Please Note: This Article is 2 years old. This increases the likelihood that some or all of it's content is now outdated.

Rental market data covering before and after the fees ban shows small reductions in yields which, it is claimed, have been kept to a minimum by landlords putting rents up.

Many landlords and industry associations predicted last year that the tenant fees ban might be the ‘final nail in the coffin’ for the private rental market because it would push up costs and reduce yields.

Landlords must now pay for referencing and many other moving in, property management and check-out costs that used to be charged to tenants but that, in England since June 1st and in Wales since September 1st, must now be paid for by the landlord.

Despite this, data published today by lettings platform Howsy reveals that these extra expenses for landlords have only marginally dented yields in England while in some areas they have increased.

The average yield for a buy-to-let property prior to the tenant fees ban was 4.08%, down from 4.21%, with only the North East seeing a significant reduction of 0.25%.

“The resilient nature and diverse landscape of the UK rental sector means there are plenty of pockets that have actually seen yields improve and while this growth may only be marginal at present, it is a very positive sign given the short time scale,” says Howsy founder Calum Brennan.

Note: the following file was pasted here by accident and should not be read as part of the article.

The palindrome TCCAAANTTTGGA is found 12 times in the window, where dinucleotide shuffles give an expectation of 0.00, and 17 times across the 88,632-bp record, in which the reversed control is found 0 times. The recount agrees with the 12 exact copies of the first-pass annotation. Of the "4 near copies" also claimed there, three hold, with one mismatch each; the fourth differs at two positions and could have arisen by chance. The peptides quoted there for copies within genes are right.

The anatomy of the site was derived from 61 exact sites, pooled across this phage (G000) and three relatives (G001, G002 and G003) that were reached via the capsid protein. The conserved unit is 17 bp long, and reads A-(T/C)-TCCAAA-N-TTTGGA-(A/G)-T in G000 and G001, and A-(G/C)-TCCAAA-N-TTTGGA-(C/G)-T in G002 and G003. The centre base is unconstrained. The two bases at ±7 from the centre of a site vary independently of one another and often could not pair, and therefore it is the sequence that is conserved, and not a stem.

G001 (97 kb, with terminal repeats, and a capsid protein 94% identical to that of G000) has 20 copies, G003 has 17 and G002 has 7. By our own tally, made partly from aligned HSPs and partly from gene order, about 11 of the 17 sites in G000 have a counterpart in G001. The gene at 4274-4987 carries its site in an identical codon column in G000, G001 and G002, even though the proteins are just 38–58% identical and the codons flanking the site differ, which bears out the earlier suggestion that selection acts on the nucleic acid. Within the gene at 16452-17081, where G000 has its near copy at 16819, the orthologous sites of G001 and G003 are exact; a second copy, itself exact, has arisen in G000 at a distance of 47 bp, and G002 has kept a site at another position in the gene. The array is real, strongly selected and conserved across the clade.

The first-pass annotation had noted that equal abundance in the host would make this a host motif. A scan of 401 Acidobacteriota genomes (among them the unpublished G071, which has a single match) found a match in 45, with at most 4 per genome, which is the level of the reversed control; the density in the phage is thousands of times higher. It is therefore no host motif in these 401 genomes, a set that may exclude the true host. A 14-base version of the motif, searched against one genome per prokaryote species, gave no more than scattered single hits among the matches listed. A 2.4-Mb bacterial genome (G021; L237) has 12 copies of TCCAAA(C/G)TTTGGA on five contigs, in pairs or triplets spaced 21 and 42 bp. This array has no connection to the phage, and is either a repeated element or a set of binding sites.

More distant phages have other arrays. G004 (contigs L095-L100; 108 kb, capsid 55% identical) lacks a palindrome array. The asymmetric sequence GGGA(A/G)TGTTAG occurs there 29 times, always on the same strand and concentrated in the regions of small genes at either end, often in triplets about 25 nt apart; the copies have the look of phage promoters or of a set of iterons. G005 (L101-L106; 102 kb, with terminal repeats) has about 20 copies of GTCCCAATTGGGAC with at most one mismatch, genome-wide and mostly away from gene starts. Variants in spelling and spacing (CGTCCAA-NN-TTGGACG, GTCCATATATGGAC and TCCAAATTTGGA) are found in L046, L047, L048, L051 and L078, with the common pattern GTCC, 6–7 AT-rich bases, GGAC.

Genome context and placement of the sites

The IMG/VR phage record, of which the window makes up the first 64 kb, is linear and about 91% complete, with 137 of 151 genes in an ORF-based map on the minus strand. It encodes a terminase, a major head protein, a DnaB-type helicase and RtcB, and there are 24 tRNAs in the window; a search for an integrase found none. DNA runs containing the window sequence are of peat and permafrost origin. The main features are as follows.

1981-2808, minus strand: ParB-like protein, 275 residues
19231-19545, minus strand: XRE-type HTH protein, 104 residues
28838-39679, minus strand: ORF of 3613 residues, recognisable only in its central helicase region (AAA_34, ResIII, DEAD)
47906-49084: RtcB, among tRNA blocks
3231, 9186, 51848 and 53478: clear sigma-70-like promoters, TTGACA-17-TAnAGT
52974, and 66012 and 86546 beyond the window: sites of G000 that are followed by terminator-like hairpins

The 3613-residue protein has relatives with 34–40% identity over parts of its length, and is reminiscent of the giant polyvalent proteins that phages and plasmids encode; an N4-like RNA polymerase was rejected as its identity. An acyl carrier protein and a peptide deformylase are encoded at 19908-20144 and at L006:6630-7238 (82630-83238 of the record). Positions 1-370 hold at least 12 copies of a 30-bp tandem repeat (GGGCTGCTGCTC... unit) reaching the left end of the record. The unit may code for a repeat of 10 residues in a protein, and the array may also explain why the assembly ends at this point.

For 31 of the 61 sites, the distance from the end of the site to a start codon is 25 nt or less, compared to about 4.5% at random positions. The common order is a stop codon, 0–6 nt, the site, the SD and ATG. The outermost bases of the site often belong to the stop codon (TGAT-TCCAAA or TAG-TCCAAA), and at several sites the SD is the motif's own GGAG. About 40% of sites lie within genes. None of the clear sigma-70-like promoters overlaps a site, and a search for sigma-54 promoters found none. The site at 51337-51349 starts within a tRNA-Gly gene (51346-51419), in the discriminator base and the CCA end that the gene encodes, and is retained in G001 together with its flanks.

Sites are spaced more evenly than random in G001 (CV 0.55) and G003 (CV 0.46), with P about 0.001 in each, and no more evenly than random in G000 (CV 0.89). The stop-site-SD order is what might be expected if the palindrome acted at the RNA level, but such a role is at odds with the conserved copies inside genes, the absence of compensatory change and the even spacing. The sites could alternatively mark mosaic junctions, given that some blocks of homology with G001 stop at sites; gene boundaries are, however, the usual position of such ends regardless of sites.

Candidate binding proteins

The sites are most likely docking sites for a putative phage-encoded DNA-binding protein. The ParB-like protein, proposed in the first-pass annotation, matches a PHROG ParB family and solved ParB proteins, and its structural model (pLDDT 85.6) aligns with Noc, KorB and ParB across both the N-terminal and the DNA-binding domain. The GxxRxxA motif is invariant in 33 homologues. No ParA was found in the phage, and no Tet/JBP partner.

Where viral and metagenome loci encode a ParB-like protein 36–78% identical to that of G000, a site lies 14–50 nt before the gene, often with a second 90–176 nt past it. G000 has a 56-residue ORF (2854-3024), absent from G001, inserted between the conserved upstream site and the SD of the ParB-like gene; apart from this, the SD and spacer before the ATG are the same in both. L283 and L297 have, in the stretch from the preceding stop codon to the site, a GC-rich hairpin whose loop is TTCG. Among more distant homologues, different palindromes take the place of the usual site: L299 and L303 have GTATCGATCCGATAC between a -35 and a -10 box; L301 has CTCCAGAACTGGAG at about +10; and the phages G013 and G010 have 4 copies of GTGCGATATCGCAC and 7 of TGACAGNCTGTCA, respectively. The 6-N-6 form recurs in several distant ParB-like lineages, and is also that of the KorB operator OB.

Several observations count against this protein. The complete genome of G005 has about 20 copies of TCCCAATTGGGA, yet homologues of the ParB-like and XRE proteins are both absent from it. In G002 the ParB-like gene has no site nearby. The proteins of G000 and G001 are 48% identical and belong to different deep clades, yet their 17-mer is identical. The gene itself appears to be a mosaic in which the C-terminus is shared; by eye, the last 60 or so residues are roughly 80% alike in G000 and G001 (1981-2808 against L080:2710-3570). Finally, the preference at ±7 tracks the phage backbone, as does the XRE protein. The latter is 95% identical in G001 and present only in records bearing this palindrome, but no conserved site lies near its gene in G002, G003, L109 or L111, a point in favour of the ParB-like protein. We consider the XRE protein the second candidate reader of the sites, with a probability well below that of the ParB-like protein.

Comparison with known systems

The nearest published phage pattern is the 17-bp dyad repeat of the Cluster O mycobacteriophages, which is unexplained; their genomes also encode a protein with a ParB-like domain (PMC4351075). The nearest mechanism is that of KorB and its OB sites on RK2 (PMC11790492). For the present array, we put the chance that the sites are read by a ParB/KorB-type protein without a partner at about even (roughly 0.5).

“As with all investments, the buy-to-let sector is all about knowing the market and picking the right options and if you do, bricks and mortar remain a very sound one.” The fees ban has also failed to cut the costs of renting for tenants; while the legislation was said to save tenants on average £70 a year in fees across the life of a tenancy and £300 each time they moved, letting agents’ association ARLA Propertymark recently revealed that 64% of tenants experienced rent hikes during the traditional busy month of August, when tenants are most likely to move home.

Please Note: This Article is 2 years old. This increases the likelihood that some or all of it's content is now outdated.


  1. I think the question should be whether it has been a disaster for tenants – landlords have just put the rents up. Same with Selective Licensing in areas it has been introduced – the reason Nottingham is at the. top of the list of rent increases is because selective licensing was brought in 18months ago & landlords are simple pushing up rents to cover the cost.


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